Stimulate the interest in the flora of Spain and Portugal

A short survey of the largest plant families

A short survey of the largest plant families

The number of plant species in the flora of Spain and Portugal is about 7000. Of this number about half belong to only a dozen families. To speed up the identification it is useful to know some of the characteristics of these families. Another hundred families or so contain the other half of the species. Below is given a short description of the twelve largest families. The grass family (Gramineae) actually belongs to this group, but is left out. The proper determination af grass species is more the work of specialists.

Borage family

Almost always harbaceous plants. Leaves are alternate and undivided. Stems and leaves are typically roughly hairy. Flowers in one-sided spikes which are tightly curled at first and gradually unroll. Flowers regular or slightly bilaterally symmetrical. Sepals 5. Petals 5, sometimes (partly) fused. Stamen 5, Superior ovary 1 with 1 or 2 styles. Fruits consisting of 4 little ornamented nuts surrounded by the calyx. Examples of species of Boraginaceae are common vipers bugloss and forget-me-not.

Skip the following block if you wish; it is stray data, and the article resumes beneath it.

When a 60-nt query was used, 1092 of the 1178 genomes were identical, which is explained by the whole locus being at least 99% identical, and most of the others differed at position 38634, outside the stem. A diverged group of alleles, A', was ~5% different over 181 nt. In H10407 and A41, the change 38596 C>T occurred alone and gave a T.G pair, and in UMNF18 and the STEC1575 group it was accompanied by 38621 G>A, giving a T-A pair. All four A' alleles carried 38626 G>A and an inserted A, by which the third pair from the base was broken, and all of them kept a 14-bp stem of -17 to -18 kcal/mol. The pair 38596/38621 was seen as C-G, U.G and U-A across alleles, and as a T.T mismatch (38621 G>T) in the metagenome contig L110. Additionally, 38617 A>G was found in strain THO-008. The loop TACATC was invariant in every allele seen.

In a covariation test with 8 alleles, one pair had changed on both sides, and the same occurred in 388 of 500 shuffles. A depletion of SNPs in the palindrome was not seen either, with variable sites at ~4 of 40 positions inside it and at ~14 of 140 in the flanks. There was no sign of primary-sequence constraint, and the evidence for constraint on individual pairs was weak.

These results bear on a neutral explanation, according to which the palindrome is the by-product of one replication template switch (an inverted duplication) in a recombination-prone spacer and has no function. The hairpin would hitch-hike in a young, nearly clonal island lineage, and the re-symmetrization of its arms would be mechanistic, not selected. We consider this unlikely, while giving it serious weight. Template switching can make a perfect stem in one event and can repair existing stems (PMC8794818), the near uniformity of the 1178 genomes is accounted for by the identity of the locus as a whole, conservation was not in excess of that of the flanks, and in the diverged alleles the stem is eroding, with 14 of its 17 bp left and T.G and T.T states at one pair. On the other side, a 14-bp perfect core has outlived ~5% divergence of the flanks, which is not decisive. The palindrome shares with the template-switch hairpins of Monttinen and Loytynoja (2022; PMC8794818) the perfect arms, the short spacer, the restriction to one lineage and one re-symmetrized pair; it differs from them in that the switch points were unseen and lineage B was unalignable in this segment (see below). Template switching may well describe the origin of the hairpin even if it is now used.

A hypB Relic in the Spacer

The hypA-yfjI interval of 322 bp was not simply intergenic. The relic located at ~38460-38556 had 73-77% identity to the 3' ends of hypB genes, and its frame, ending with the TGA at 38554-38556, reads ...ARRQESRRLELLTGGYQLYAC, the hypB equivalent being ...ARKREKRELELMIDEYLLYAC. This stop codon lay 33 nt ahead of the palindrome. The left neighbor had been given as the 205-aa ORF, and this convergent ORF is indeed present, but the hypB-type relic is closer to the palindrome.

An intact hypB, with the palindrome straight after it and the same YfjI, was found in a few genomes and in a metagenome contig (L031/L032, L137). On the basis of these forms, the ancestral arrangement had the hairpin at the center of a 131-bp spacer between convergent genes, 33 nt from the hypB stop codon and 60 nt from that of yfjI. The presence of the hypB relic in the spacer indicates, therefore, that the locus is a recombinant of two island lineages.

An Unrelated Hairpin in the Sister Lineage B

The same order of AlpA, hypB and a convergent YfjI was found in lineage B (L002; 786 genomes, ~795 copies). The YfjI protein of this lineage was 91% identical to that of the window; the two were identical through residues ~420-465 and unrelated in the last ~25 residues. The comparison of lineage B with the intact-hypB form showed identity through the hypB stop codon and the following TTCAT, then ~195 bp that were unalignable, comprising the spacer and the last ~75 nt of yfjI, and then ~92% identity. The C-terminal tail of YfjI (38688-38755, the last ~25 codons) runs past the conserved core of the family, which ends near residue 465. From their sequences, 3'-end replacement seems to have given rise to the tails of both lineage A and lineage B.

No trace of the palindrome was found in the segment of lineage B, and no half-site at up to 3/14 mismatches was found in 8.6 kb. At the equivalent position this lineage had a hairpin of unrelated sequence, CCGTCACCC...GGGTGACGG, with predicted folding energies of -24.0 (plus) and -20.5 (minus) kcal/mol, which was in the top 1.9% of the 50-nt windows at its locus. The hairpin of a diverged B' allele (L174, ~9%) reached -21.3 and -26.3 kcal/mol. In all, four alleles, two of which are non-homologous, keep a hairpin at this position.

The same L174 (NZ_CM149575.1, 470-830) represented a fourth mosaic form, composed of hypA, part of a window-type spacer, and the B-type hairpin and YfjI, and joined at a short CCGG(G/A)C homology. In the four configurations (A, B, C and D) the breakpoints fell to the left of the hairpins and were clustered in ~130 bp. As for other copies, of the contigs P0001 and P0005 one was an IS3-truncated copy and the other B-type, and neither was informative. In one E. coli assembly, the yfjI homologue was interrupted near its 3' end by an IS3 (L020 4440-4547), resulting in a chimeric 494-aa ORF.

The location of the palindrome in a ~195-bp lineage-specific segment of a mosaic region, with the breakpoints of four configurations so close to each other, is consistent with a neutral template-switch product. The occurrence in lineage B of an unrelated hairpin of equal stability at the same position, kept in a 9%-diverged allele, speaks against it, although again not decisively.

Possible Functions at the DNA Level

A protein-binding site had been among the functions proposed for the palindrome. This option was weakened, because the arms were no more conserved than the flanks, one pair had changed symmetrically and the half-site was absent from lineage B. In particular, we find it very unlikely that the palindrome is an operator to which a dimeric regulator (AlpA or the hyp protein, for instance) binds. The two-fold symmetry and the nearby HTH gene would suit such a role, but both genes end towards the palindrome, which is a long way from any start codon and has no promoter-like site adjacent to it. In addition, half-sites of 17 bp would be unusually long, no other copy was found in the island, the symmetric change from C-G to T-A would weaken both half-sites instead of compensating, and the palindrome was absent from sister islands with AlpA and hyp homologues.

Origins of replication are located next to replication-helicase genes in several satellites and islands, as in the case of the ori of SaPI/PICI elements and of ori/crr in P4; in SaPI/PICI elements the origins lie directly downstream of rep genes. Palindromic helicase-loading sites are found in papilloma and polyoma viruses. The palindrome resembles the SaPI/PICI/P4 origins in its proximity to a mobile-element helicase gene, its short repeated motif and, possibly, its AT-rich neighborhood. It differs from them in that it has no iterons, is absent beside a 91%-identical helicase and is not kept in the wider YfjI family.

Pink family

Herbacious plants. The nodes on the stem are swollen. The leaves are almost always opposite. Flowers almost always with stamens and ovaries. Sepals 4 or 5, often joined at the base, sometimes forming a tube. Petals same number as sepals, sometimes small or lacking. Stamens mostly 5 or10 in 1 or 2 circles. 1 superior ovary with 1 to 5 styles. Examples of Caryophyllaceae are Silene vulgaris, bladder campion and Stellaria media, common chickweed.

Daisy family